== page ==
Lerer said she represents more than 100 plaintiffs who have been injured by scooters, only some of whom are participating in the class-action. She said the scooter handlebars fall off, the wheels get caught on pavement imperfections and sometimes brakes freeze.
“They are very dangerous,” Lerer said. “They are motorized vehicles that are defectively designed.”
Scooters also can endanger passersby. Lerer said most often, pedestrians who are struck by electric scooters never find out who was driving. But in some accidents, blame can be assigned to automobile insurers and property insurers. One of her most recent clients is an 87-year-old woman who tripped over a scooter that was on the sidewalk outside Emeritus College in Santa Monica. Lerer said she’s filed a claim with Santa Monica Community College, which runs the school. The college risk manager did not return a call requesting comment.
Lime spokeswoman Taylor Bennett said her company has led several safety initiatives.
Lime recently launched Gen 3 scooter, which has upgraded wheels, better suspension, additional braking and improved balance, she said.
Bird and Lime’s political push began in California, where both companies are headquartered. Gov. Jerry Brown last September signed into law Assembly Bill 2989. The measure bars electric scooters from sidewalks, but allows them on any road with a speed limit of 35 mph or less, and on any road with designated bicycle lanes. The bill requires helmets only for riders younger than 18.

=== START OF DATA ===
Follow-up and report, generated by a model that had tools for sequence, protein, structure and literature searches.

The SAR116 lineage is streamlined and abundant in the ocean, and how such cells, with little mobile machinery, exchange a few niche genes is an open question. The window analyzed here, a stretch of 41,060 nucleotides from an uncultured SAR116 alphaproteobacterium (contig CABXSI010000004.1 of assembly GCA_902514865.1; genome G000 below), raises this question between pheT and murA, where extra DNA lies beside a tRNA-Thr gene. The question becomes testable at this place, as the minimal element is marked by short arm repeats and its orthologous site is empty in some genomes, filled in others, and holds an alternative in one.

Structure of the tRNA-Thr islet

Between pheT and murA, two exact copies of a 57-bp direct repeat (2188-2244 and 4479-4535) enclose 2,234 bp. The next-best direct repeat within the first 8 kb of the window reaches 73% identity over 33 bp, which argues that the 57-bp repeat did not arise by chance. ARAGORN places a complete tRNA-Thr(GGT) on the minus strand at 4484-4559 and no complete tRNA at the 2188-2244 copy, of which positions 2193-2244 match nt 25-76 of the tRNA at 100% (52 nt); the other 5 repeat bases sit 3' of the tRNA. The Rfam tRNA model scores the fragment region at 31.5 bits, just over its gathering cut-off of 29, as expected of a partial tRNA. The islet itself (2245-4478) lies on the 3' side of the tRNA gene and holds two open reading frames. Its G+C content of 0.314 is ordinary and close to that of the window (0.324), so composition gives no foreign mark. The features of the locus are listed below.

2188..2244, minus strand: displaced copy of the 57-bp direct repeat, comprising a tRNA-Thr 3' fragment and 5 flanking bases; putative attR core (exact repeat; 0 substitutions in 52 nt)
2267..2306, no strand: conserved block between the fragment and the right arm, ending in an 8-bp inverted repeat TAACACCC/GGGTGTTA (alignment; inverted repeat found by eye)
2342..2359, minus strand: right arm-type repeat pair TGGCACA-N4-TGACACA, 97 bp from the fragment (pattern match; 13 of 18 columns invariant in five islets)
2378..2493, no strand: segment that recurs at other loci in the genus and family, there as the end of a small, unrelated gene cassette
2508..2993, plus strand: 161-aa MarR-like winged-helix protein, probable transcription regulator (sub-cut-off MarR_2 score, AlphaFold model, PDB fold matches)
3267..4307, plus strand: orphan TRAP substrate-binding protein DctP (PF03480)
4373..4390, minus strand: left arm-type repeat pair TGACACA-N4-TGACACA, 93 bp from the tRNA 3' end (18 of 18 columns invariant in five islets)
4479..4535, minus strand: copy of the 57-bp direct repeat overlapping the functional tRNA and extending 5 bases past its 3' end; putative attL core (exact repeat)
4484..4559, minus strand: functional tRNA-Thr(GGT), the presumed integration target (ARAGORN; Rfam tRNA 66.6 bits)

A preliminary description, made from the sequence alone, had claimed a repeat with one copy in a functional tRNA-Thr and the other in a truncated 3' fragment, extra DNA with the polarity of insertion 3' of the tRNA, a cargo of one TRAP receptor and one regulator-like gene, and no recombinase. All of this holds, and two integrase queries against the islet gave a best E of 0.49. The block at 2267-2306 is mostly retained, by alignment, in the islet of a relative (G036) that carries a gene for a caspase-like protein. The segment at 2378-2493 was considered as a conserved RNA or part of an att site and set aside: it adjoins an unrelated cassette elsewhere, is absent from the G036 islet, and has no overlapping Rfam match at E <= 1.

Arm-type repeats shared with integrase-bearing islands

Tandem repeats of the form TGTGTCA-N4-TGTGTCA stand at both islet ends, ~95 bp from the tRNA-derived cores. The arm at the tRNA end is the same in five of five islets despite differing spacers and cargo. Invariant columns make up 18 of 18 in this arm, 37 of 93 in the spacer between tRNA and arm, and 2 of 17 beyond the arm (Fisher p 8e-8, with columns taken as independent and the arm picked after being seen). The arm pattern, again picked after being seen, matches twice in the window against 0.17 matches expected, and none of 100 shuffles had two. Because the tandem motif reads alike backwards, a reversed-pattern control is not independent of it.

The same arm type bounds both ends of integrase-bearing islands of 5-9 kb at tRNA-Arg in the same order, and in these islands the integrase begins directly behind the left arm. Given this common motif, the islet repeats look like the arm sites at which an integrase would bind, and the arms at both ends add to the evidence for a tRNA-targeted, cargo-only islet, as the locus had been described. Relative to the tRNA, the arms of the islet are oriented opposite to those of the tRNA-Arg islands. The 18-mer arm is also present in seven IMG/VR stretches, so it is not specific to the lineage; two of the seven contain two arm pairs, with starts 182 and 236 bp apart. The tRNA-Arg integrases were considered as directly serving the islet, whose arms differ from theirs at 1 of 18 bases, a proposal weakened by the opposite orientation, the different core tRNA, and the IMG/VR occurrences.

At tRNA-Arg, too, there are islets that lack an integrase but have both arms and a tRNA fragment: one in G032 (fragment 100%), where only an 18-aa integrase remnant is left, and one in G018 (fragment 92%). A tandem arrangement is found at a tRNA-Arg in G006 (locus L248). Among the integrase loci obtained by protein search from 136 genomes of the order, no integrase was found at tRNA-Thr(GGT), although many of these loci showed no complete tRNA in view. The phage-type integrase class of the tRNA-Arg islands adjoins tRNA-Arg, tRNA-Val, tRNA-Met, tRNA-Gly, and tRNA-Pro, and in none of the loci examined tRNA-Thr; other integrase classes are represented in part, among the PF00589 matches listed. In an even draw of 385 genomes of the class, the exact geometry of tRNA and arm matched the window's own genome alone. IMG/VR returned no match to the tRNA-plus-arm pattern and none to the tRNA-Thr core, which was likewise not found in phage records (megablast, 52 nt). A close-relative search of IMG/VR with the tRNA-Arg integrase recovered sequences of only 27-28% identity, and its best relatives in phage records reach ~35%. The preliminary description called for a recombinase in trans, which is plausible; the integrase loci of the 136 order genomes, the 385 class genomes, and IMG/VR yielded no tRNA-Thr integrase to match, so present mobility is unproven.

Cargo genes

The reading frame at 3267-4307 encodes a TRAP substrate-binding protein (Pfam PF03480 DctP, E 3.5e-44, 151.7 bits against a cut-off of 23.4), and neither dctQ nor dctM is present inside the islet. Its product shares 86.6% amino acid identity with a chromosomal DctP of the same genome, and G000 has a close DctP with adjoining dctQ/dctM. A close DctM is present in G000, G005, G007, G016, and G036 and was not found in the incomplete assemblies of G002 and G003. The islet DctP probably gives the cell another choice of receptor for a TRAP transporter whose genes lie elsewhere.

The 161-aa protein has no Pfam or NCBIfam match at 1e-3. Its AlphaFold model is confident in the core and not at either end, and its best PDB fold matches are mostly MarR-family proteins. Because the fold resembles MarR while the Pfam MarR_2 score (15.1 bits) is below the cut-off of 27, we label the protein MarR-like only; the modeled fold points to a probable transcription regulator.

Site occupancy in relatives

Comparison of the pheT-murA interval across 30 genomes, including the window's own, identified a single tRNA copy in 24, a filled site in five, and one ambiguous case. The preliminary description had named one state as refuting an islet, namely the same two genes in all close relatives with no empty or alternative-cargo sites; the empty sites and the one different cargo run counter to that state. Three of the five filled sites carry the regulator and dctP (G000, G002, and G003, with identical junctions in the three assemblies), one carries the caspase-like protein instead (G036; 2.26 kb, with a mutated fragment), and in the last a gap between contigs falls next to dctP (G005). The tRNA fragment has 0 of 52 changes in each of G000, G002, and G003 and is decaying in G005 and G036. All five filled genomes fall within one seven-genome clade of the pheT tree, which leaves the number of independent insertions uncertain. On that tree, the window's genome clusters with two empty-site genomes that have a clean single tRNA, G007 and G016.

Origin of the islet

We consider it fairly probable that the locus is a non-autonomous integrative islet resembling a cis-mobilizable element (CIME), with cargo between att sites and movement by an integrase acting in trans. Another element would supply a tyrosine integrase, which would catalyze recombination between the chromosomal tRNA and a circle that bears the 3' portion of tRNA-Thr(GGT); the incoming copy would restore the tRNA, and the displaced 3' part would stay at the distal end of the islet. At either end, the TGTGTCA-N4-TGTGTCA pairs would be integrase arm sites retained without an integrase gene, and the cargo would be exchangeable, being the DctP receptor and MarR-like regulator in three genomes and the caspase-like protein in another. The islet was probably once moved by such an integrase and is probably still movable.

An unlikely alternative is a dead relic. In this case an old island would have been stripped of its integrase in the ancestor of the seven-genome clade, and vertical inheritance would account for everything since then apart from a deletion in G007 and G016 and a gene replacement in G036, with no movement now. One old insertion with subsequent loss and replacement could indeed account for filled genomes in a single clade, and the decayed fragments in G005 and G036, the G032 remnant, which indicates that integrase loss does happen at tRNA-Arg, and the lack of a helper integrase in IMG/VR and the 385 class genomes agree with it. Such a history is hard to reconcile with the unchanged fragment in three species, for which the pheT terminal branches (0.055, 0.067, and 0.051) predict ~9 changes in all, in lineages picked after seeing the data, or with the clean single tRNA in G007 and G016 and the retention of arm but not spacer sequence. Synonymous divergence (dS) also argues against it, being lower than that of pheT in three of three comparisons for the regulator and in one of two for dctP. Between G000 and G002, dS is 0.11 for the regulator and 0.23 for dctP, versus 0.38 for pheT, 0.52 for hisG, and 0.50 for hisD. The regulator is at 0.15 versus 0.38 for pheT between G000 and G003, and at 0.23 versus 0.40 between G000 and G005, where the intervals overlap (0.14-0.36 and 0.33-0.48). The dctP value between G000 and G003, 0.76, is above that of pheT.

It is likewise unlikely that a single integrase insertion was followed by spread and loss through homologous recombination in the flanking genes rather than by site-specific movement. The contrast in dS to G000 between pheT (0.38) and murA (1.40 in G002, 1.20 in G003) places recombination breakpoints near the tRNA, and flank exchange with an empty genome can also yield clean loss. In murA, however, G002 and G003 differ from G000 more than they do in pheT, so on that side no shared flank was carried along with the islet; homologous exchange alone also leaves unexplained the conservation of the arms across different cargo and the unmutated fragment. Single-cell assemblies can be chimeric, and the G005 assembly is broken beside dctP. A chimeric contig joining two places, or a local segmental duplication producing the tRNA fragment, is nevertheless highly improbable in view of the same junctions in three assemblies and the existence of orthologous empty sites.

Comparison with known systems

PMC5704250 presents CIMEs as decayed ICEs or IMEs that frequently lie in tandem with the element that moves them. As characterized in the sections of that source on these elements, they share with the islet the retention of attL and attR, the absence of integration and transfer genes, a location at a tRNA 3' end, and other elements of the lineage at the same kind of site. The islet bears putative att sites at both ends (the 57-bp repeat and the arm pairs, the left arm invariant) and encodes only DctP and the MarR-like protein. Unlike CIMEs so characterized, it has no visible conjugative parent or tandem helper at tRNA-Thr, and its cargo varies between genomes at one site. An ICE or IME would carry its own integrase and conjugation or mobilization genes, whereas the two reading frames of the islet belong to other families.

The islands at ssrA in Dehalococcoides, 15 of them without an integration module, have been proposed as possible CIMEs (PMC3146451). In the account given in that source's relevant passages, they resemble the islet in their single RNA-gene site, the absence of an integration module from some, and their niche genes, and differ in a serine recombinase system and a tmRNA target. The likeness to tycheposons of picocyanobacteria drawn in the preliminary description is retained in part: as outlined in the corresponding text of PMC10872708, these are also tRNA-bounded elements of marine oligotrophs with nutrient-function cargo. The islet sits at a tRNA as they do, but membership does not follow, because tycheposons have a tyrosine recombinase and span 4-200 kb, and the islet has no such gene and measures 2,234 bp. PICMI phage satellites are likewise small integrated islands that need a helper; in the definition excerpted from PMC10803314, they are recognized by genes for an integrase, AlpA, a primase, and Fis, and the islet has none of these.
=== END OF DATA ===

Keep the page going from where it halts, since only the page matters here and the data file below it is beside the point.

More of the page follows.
This year, lawmakers in other states have welcomed the companies’ message that electric scooters offer an emission-free solution to the “first-mile, last mile” transportation problem presented by public transit.
In Virginia, the legislature has sent a bill to the governor that contains many of the policies the scooter companies are pushing for, including a provision that prohibits cities from passing ordinances that would prohibit parking scooters on sidewalks. Gov. Ralph Northam had until March 26 to sign or veto the measure.
In New Jersey, a bill awaiting action by Gov. Phil Murphy would bar electric scooters from sidewalks, but allow them on bike paths. The bill also requires rental companies to mark their scooters with identification tags.
But some states are going their own way. The Hawaii House of Representatives has passed a bill that would specifically authorize the department of Transportation to regulate electric scooters and require operators to be at least 18. Lawmakers removed a provision that would have treated electric scooters the same as bicycles after bicycling advocates objected.
And in Utah, the League of Cities and Towns pushed back against a provision that would have required municipalities to allow electric scooters to be parked on sidewalks.
The final version of Senate Bill 139, which has received approval by the state Senate, requires scooter rental companies to indemnity local governments for any claims against them for actions by their customers. The bill also allows local governments to designate specific areas where the scooters can be parked, something that the League of Cities and Towns insisted on, said Director of Government Relations Rachel Otto.
Otto said Bird and Lime’s lobbyists didn’t strenuously object to the language that requires indemnification, but they didn’t like the provision that allows local governments to regulate scooter parking.
“Our guys are just very protective about having flexibility on how these things are regulated,” Otto said. “We stick by that core principle that a there’s not a one-size-fits-all approach.”